The United States will turn over detainees to Iraqi authorities as soon after June 30 as U.S. officials determine that they can be held safely and in compliance with international human rights norms, U.S. and Iraqi officials said Wednesday.
The U.S. position was delivered during the opening round of high-level security consultations between Iraq's new interim leadership and a delegation led by Deputy Defense Secretary Paul D. Wolfowitz and his British counterpart, Kevin Tebbit. The talks are intended to help pave the way for the scheduled transfer of limited sovereignty to Iraq at the end of the month and the arrival in the next few weeks of a new set of top U.S. diplomatic and military authorities, who U.S. officials said plan to pursue more detailed discussions on managing the next phase of U.S.-Iraqi relations.
A senior U.S. defense official who participated in the talks said the status of former president Saddam Hussein was not raised. Iraq's interim prime minister, Ayad Allawi, has said he expects to take custody of Hussein with the transfer of power. The discussions Wednesday dealt more broadly with the fate of about 40 detainees from Hussein's ousted government that the United States has classified as "high value."
Georges Sada, a spokesman for Allawi, said after the talks that Iraqi officials agreed to the U.S. position on detainees. He said that a timetable for the turnover was not set but that they would remain in U.S. hands. "We are trying to do our best to fulfill our requirements for the Americans," Sada said.
U.S. officials in Wolfowitz's delegation cited concerns about the ability of Iraq's fledgling security forces to guard the prisoners and were also skeptical about the slowness with which a special Iraqi tribunal has taken shape. The officials left open the possibility that legal custody of Hussein and other detainees could be technically transferred to Iraqi authorities if an existing criminal court issued the appropriate warrants. They said that physical custody of Hussein would remain with U.S. forces but that provisions would be made to give Iraqi investigators access to him.
With members of the U.S. military under investigation for the mistreatment of detainees at the Abu Ghraib prison outside Baghdad and at other detention facilities in Iraq, U.S. officials also proposed setting up a joint consultative commission that would give Iraqis some say in detention operations.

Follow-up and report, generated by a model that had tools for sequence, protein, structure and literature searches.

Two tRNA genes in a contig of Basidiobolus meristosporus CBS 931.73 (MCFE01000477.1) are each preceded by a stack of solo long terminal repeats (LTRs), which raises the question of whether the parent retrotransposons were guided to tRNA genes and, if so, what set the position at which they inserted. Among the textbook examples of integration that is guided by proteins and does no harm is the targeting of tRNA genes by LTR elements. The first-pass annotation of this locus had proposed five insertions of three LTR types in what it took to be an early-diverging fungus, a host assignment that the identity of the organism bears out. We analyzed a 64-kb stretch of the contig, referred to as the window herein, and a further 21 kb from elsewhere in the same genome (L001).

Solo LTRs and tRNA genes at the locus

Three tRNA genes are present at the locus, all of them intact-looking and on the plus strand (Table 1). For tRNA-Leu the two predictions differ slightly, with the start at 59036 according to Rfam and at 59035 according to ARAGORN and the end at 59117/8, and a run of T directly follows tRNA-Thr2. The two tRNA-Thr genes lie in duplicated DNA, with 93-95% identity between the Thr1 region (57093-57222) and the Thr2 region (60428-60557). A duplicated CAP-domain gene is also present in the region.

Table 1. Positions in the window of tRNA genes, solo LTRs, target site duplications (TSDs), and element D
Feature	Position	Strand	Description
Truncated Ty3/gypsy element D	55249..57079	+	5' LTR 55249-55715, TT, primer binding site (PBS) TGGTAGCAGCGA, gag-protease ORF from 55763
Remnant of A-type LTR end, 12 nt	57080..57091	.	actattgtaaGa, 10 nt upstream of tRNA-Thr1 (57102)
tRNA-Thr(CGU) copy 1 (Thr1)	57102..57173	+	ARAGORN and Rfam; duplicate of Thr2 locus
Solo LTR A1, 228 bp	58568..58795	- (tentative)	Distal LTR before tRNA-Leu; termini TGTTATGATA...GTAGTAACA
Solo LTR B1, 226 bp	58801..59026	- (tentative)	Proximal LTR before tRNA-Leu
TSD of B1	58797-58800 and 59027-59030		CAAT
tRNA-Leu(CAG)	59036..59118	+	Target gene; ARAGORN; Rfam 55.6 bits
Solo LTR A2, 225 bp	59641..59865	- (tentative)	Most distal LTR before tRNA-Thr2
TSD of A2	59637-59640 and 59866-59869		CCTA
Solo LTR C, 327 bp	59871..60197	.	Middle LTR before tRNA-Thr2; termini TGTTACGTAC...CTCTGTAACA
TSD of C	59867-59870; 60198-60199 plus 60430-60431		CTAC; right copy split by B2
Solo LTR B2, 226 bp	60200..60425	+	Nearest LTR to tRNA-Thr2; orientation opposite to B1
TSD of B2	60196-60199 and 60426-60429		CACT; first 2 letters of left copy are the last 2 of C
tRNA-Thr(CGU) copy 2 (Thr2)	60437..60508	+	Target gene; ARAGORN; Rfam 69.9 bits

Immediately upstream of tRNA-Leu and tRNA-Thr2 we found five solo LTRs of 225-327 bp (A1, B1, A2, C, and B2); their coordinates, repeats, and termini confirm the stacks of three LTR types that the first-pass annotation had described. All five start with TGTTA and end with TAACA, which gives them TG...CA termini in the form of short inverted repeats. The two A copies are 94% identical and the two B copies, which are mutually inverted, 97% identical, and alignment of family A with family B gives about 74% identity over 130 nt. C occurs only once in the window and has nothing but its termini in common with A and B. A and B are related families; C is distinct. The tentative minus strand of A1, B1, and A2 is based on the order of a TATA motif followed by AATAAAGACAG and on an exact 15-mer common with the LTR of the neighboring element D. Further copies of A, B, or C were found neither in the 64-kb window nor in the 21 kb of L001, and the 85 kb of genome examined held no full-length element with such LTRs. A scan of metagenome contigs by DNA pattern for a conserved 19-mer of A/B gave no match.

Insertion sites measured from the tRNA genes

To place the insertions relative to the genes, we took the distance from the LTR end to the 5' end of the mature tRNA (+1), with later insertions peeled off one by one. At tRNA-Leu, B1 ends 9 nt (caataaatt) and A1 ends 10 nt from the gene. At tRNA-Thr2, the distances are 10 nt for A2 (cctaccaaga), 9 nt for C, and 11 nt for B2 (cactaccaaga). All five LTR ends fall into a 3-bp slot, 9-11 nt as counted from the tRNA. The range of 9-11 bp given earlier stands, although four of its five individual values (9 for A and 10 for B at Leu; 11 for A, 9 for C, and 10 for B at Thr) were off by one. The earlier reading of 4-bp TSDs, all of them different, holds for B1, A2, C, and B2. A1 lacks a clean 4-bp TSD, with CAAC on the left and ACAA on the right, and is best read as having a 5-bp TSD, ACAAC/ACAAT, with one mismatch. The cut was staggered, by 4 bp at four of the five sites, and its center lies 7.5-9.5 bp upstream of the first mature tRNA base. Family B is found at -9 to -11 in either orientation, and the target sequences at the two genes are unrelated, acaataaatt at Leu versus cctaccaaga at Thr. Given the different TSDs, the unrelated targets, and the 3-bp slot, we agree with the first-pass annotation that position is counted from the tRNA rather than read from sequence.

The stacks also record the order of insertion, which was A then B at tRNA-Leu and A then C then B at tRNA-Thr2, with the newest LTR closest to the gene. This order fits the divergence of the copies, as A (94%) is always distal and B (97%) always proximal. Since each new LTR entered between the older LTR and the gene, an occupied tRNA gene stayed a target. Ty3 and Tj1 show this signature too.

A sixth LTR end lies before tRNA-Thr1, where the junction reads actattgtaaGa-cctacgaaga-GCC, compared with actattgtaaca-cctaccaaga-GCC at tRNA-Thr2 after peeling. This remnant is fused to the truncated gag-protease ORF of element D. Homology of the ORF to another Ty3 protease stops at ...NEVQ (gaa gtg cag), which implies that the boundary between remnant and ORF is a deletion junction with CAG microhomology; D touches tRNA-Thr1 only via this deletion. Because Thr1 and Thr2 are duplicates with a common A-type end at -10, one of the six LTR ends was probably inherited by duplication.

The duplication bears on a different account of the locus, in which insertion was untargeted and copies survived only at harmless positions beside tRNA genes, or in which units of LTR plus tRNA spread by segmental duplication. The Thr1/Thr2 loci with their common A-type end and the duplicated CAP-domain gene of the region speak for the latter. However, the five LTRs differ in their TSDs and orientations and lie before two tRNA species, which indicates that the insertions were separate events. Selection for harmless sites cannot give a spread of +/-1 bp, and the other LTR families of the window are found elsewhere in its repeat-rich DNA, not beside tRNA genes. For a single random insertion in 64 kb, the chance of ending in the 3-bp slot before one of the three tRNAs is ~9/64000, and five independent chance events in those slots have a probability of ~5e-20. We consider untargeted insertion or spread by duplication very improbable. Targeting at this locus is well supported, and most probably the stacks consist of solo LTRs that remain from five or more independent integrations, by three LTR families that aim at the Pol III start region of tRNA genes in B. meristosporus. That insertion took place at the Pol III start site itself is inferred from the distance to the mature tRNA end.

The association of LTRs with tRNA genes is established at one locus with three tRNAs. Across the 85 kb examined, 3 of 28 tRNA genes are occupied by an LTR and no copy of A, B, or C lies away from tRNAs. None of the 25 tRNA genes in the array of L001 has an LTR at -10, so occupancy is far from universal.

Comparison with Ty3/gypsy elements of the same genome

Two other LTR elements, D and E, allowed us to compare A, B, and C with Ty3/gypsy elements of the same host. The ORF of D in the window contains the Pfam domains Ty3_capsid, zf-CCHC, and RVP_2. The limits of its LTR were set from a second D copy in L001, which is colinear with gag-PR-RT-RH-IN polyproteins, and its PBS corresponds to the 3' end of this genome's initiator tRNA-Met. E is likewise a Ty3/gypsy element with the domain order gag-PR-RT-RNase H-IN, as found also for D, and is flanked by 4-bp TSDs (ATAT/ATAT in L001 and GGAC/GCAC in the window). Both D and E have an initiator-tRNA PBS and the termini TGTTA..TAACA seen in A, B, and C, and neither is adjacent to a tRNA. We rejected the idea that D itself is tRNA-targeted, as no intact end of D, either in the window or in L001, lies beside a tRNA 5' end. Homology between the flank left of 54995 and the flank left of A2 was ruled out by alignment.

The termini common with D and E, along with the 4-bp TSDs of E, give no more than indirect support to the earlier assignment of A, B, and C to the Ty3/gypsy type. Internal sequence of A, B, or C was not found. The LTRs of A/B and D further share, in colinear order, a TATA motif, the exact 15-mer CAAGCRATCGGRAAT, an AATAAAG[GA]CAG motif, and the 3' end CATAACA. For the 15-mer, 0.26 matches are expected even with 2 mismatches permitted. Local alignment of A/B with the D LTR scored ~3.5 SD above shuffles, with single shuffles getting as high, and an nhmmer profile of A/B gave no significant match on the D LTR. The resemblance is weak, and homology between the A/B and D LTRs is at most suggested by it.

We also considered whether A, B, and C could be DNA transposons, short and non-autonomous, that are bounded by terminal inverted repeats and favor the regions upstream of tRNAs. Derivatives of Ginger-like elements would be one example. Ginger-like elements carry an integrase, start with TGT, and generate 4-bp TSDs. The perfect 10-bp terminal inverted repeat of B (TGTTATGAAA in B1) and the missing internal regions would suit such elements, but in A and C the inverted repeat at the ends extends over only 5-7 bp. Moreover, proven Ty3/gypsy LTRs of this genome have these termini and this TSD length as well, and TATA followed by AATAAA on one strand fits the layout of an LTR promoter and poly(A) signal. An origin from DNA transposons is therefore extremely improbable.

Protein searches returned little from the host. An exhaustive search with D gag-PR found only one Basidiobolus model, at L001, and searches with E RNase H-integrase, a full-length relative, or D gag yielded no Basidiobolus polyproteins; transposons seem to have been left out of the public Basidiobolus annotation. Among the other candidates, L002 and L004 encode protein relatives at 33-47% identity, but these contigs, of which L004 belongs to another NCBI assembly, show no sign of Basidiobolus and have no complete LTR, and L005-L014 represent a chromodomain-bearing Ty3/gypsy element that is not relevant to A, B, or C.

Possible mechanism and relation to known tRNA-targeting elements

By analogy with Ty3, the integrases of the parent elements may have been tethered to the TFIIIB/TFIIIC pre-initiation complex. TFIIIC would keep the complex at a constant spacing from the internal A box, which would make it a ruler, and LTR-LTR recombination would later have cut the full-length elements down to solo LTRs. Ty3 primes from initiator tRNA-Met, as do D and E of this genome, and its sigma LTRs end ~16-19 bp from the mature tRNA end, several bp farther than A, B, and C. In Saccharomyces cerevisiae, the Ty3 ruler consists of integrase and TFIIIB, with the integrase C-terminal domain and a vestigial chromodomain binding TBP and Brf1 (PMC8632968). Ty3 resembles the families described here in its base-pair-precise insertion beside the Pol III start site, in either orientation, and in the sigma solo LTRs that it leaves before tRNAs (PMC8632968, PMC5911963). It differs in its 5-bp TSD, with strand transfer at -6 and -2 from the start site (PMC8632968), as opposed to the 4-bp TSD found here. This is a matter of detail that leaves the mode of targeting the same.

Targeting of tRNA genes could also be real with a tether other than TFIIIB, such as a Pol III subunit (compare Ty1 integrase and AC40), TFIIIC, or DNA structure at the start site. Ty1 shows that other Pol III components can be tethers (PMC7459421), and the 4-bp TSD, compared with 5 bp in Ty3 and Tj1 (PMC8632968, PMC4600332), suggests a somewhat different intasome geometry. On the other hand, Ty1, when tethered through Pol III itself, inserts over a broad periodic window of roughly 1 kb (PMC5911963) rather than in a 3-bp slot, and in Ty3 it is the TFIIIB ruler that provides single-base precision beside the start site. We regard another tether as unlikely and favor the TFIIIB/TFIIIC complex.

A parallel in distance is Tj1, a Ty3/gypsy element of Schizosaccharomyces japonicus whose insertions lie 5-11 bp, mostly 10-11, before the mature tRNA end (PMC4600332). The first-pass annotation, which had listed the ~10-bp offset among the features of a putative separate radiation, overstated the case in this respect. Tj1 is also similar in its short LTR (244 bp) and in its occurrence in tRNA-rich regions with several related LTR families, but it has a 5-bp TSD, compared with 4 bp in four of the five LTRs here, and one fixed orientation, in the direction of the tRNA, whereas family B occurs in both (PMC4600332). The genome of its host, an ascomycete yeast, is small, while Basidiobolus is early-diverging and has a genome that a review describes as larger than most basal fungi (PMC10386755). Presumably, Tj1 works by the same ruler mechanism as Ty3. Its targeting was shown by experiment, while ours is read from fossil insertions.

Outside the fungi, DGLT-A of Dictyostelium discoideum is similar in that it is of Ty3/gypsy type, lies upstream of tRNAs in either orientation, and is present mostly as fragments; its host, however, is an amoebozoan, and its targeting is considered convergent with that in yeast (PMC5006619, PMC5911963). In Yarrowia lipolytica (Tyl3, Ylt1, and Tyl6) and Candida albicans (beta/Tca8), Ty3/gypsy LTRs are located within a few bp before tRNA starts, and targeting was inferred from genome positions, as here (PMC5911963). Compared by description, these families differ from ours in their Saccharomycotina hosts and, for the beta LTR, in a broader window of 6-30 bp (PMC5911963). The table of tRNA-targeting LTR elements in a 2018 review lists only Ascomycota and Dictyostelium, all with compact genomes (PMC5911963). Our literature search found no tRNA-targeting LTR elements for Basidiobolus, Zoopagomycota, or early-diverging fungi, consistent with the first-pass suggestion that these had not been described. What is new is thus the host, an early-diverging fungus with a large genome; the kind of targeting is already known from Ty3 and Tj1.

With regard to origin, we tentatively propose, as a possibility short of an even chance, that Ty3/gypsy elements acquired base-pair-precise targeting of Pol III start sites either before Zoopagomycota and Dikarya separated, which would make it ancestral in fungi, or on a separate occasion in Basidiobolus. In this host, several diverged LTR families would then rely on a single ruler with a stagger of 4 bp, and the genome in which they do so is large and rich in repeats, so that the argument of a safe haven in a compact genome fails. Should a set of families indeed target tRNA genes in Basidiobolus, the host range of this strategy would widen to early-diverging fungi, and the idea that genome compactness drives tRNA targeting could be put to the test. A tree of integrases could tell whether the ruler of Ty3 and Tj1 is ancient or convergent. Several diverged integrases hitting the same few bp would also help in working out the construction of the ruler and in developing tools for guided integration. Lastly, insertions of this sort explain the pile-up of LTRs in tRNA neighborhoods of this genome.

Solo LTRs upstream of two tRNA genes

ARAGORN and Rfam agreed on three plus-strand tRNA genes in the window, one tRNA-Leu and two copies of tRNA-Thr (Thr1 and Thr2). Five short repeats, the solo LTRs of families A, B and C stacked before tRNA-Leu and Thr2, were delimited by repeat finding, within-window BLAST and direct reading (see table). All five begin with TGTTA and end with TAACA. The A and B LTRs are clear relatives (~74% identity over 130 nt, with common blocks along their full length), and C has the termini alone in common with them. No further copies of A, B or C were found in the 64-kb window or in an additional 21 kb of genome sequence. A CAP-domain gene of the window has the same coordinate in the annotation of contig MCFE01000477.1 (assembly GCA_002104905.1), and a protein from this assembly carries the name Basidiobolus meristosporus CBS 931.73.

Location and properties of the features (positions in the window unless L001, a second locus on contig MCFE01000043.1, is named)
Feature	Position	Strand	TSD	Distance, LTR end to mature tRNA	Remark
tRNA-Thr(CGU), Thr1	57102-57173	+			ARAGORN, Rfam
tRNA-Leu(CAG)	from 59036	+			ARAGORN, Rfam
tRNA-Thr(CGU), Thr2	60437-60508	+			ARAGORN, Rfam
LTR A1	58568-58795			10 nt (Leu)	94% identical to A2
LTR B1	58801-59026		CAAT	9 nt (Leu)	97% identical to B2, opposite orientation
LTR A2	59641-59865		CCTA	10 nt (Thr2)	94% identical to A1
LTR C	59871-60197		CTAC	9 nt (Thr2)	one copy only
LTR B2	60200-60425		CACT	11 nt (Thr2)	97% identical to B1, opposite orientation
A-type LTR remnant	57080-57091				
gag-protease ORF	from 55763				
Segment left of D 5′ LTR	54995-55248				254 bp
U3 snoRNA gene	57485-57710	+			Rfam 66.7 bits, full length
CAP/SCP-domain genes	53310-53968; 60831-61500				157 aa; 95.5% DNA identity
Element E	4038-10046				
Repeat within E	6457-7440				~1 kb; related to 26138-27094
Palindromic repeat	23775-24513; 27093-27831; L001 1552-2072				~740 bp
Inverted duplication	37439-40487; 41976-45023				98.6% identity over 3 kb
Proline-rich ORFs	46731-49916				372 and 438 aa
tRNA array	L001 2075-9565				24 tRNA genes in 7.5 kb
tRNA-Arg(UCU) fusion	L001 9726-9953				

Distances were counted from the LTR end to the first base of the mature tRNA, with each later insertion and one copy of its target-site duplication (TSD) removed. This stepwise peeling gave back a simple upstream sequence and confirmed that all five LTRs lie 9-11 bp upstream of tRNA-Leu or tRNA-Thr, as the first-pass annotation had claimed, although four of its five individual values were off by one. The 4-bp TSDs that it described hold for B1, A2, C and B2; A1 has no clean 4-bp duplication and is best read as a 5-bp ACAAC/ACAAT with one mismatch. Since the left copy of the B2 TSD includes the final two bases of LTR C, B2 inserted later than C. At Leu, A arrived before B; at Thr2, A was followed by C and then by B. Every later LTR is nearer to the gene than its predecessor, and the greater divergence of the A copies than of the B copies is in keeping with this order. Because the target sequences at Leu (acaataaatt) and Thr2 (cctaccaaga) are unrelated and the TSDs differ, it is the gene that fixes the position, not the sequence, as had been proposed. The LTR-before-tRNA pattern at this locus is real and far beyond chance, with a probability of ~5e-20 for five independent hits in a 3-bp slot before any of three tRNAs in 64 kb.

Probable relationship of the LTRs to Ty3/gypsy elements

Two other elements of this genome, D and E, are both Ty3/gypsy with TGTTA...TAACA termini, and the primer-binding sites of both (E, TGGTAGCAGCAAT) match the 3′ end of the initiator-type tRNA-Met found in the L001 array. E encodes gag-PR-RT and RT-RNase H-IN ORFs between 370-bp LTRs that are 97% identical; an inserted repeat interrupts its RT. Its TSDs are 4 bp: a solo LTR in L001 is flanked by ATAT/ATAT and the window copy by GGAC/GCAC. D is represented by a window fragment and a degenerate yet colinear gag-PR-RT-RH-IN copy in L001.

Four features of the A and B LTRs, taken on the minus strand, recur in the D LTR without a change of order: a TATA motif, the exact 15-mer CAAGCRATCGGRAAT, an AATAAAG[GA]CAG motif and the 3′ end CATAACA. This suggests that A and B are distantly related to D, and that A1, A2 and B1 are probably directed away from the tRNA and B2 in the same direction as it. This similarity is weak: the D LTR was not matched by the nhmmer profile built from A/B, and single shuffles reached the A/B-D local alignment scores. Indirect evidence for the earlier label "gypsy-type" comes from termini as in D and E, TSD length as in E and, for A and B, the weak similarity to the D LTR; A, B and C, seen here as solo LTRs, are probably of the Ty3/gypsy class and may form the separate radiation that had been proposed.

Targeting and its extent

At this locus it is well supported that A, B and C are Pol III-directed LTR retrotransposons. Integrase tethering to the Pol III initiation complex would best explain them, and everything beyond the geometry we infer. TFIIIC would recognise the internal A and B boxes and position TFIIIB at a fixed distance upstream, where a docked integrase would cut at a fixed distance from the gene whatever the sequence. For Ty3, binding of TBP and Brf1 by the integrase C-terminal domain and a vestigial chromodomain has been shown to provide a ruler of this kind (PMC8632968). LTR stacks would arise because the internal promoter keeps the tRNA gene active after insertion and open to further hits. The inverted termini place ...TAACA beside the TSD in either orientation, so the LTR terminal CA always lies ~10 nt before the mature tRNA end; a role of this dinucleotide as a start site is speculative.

"Both sides agreed it was a sound idea," said the senior U.S. defense official, who spoke on condition of anonymity. "This could allow Iraqi sunshine into the system so that they could take part."
A joint statement issued after the meeting referred to the talks as "just the beginning of a new relationship between the government of Iraq and the members of the coalition" and described the atmosphere as "constructive and positive." But the senior U.S. defense official reported that differences arose over how to deal with persistent insurgencies in the cities of Fallujah and Najaf. Strong resistance from Iraqi political and religious leaders to the use of force against anti-occupation fighters has prompted U.S. military commanders to accede to compromise arrangements in both cities.
U.S. officials also expressed misgivings about a proposal by Allawi to revive several divisions of the old Iraqi army, disbanded after the invasion last year, as a way to quickly expand the Iraqi security services. Pentagon officials have said they are concerned that the cost of such a the plan would divert funds from other security projects that they consider more important.
Army Lt. Gen. Thomas F. Metz, the top tactical commander of U.S. forces in Iraq, confirmed that he had issued orders in the past week for U.S. troops to put greater emphasis on protecting the new Iraqi leaders and building up the country's security forces. As a result, Metz said, fewer troops might be available for combat operations.
Correspondent Edward Cody contributed to this report.